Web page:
Editor’s note: Tamara Sellman continues her occasional series on the “MS alphabet” with this column referencing terms starting with the letters “Q” and “R.”
Symptoms of MS
This eye-related symptom of MS refers to the compromising of vision in one of the quarters of the visual field, usually caused by lesions found in the occipital lobe. It can result in partial vision loss and a reduced ability to participate in common activities like reading or driving.
This refers to one’s inability to maintain balance while standing with feet and legs together and eyes closed. It is part of the neurological exam performed at every meeting with an MS specialist and is also the basis for the drunken driving test.
RRMS (relapsing-remitting multiple sclerosis)
This is the most common form of MS, diagnosed in about 85 percent of all cases of MS.
RRMS is characterized by clearly defined episodes of neurological dysfunction, usually referred to as relapses, attacks, or exacerbations. These episodes are followed by partial or complete recovery (also known as remission).
During remission, symptoms either disappear, lessen in severity, or continue as signs of permanent damage caused by demyelination. When there is no progression of the MS disease course during remission, it is characterized as inactive RRMS.
If new disease activity occurs due to a relapse or brand-new symptoms (as confirmed by MRI), RRMS is characterized as active. Active RRMS can also be defined as worsening due to confirmed rates of disability in the time and space following relapses.
The National Multiple Sclerosis Society maintains that “most people who are diagnosed with RRMS will eventually transition to a secondary progressive course in which there is a progressive worsening of neurologic function (accumulation of disability) over time.”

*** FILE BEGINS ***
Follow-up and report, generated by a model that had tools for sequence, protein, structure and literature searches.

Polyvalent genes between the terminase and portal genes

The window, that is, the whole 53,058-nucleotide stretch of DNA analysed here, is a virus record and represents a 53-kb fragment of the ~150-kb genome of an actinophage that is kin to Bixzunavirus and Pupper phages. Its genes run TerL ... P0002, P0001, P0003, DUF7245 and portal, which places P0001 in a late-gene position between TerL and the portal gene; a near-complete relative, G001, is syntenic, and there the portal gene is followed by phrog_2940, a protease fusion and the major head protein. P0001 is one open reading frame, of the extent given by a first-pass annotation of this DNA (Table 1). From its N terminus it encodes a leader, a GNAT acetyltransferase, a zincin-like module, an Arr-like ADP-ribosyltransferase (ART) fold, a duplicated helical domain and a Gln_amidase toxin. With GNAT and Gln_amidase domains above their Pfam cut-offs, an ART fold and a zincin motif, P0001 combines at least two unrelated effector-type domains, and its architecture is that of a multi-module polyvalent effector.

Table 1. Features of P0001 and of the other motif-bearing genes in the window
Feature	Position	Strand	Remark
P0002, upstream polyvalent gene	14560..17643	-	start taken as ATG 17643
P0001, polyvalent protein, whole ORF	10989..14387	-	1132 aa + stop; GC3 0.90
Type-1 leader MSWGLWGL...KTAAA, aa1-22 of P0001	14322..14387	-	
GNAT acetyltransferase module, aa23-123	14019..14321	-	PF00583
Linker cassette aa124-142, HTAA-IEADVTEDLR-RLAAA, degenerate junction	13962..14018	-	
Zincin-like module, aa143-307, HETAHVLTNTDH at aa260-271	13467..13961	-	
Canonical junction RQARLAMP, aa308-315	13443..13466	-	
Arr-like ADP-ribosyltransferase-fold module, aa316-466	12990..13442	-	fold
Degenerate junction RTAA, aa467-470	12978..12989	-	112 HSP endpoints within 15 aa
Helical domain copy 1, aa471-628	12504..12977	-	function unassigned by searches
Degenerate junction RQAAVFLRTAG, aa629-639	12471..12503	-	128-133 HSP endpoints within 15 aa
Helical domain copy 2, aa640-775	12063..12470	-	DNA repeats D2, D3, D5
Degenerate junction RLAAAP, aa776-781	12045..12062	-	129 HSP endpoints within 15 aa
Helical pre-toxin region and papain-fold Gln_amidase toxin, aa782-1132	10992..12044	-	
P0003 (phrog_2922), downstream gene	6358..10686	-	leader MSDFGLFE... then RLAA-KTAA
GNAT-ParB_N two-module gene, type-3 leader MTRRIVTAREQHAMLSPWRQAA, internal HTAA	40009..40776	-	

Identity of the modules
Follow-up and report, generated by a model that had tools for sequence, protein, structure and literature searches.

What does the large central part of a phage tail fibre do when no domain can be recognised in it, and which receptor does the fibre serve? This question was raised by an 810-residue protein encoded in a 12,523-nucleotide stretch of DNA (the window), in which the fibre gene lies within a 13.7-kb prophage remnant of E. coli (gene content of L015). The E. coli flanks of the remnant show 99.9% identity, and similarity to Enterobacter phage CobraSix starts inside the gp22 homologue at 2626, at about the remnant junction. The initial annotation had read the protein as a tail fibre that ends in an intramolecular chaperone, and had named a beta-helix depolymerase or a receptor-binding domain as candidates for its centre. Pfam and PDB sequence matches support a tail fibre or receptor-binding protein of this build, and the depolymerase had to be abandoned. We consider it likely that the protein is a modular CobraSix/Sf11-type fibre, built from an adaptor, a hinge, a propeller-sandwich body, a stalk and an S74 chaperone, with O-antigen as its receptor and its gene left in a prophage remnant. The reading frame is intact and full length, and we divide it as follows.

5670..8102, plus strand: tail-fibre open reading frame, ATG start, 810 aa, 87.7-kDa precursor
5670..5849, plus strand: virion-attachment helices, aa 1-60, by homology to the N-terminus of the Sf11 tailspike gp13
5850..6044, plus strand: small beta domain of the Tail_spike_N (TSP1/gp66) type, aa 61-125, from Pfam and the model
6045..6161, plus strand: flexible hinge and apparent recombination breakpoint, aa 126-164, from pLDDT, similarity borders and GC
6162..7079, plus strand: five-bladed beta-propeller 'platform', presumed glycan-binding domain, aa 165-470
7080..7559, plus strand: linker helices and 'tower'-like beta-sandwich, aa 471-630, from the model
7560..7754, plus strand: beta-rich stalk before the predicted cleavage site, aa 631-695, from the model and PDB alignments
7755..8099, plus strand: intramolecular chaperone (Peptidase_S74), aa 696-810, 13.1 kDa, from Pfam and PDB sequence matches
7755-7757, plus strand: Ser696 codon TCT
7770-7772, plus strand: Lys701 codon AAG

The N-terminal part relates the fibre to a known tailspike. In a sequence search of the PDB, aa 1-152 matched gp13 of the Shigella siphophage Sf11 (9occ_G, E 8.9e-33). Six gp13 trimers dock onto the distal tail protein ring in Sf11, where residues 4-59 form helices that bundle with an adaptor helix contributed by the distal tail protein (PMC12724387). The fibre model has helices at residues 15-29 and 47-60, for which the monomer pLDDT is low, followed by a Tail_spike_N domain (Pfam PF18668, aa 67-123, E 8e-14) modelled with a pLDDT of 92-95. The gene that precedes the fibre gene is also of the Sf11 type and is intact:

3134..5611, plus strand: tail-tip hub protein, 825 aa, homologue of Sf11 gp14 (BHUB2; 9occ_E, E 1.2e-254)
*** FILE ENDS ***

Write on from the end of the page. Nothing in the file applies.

Common MS terms
Also referred to as an attack or exacerbation, this is the term describing new disease activity after a period of remission in someone with MS.
Remission occurs during a period following relapse when no new disease activity is reported or identified in a person with MS.
During this time, some people with MS may have a partial or complete recovery from damage experienced during a relapse. Others may still experience some symptoms that are the result of lasting damage while still in remission.
The biology of MS
This is a neurological process which works to repair damaged myelin in the brain. It can occur naturally in the brains of people with MS if they experience a long enough period of remission. Some new therapies are being developed to generate a remyelination response in the brains of those with severe cases of MS in order to reduce rates of dysfunction and disability (see quetiapine fumarate, below).
Quetiapine fumarate is currently being studied in clinical trials as a potential remyelinating therapy for people with MS. Scientists believe it works by protecting and stimulating the growth of oligodendrocytes, the cells that are the building blocks of myelin, while inhibiting those immune system cells that are known to attack the myelin.
Current studies are examining its safety, tolerance, and efficacy as a treatment for MS. Quetiapine fumarate is already marketed as Seroquel, which is used to treat people with bipolar disorder. Researchers think quetiapine fumarate could be beneficial for those with MS who also suffer from depression, anxiety, insomnia, and pain.
Rebif is the brand name for a form of MS treatment known as beta interferon (interferon beta, IFN-b). It is considered identical to the naturally occurring interferon proteins already present in the human body. It has been shown to reduce relapse rates and disability in those with RRMS.
Rebif is used as an immune-modifying medication to help slow progression. It is essentially the same substance as Avonex, but administered differently. Rebif is injected subcutaneously three times a week in doses of 22 mcg or 44 mcg, while Avonex is injected once weekly into the muscles in a 30 mcg dosage.
Note: Multiple Sclerosis News Today is strictly a news and information website about the disease. It does not provide medical advice, diagnosis, or treatment. This content is not intended to be a substitute for professional medical advice, diagnosis, or treatment. Always seek the advice of your physician or other qualified health provider with any questions you may have regarding a medical condition. Never disregard professional medical advice or delay in seeking it because of something you have read on this website. The opinions expressed in this column are not those of Multiple Sclerosis News Today or its parent company, BioNews Services, and are intended to spark discussion about issues pertaining to multiple sclerosis.